SIOUX FALLS, S.D. (AP) — South Dakota lawmakers can adorn their office with a crucifix, but they can’t pound the nail into the state Capitol’s wall, a legislative oversight board clarified on Tuesday as part of a policy regulating how religious symbols can mark the state’s seat of government.
The Legislature’s Executive Board took up the issue after two Republican lawmakers stained five chairs in a Capitol meeting room with oil as they marked chairs with crosses ahead of a meeting last month to elect caucus leaders. It took the Capitol’s groundskeepers about three hours to clean, but five chairs were left slightly discolored.
The executive board appeared content with the lawmakers, who were not named, covering the $79.80 in wages for the time spent cleaning the chairs. At least one offender expressed regret at the decision to mark the chairs, said Republican state Sen. Lee Schoenbeck, who chairs the executive board.
But the episode — which came alongside a rift in the Republican caucus between moderates and a right-wing — also raised questions about who had access to the Statehouse rooms where laws are formed and to what degree lawmakers, often compelled by their Christian convictions, can leave a mark in the Capitol.
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Republican state Rep. Sue Peterson told The Dakota Scout that she marked chairs with oil crosses as an act of prayer before last month’s Republican caucus meeting. She said many lawmakers often pray as they craft state laws.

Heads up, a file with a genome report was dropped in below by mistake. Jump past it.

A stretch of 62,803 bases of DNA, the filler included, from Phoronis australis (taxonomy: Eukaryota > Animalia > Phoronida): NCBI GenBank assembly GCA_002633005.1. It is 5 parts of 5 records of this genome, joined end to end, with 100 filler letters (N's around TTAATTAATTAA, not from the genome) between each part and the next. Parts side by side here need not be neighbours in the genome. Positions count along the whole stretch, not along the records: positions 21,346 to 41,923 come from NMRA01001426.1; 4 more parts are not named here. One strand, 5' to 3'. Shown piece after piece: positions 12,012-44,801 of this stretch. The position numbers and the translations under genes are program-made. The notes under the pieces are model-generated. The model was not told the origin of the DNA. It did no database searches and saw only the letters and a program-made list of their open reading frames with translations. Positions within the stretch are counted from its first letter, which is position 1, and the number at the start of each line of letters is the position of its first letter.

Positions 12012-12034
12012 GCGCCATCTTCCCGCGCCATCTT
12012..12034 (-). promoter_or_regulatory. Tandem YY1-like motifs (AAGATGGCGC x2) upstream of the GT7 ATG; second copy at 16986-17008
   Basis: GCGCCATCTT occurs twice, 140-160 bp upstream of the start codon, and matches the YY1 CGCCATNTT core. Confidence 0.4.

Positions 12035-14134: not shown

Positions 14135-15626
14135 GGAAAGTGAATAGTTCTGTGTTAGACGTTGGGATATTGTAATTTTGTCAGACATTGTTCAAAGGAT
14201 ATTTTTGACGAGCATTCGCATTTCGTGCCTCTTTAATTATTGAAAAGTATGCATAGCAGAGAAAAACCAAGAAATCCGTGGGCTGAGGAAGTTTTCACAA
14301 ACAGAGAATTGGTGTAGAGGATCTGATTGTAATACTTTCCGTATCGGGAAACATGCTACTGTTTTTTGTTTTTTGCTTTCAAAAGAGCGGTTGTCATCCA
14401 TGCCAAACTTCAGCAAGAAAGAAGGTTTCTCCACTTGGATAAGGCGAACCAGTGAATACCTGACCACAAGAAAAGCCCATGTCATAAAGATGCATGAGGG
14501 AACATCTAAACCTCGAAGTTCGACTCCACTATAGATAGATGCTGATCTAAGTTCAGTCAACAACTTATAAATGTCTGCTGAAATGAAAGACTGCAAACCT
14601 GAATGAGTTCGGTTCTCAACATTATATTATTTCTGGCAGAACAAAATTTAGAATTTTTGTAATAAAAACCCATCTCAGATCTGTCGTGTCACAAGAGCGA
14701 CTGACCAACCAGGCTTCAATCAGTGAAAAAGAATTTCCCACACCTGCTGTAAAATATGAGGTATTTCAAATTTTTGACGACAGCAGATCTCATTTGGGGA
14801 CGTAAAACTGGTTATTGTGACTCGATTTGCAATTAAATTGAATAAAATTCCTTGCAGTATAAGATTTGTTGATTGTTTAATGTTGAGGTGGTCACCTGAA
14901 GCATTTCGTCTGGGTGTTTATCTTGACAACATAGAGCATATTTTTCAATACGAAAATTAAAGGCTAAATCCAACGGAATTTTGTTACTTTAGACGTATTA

Peterson did not immediately respond to a request for comment on the new policy.
Schoenbeck proposed a policy that instructs lawmakers they “may not mark on or damage in any fashion the real or personal property of the Citizens’ Capitol.” And if they want to “modify” their workspaces, they have to make a request to the state agency that maintains the building.
“There’s a crucifix in my office, and I’m not the one who pounds the nail in the Capitol to hang it,” Schoenbeck said, giving an example of how lawmakers should walk the line between allowing religious expression while respecting the century-old building.
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Lawmakers have long been comfortable with an atmosphere imbued with Christianity. They bow their heads in prayer before starting each session, dozens show up to the Capitol with their foreheads marked by crosses on Ash Wednesday and the Bible is sometimes invoked during bill debates.
But Schoenbeck also said it was important to clarify how First Amendment rights are respected on government property. He said if one religious group is given space for expression, any other group needs to be granted access as well.
The board’s policy establishes a process by which legislators and citizens can request to use one of the Capitol’s meeting rooms if it complies with the Legislature’s work and policies. Citizens would need to make a $500 deposit.
Schoenbeck said he hopes people will pause to think about the history of the building: “People don’t step back and think about, we’re just passing through this place.”
This article originally appeared here.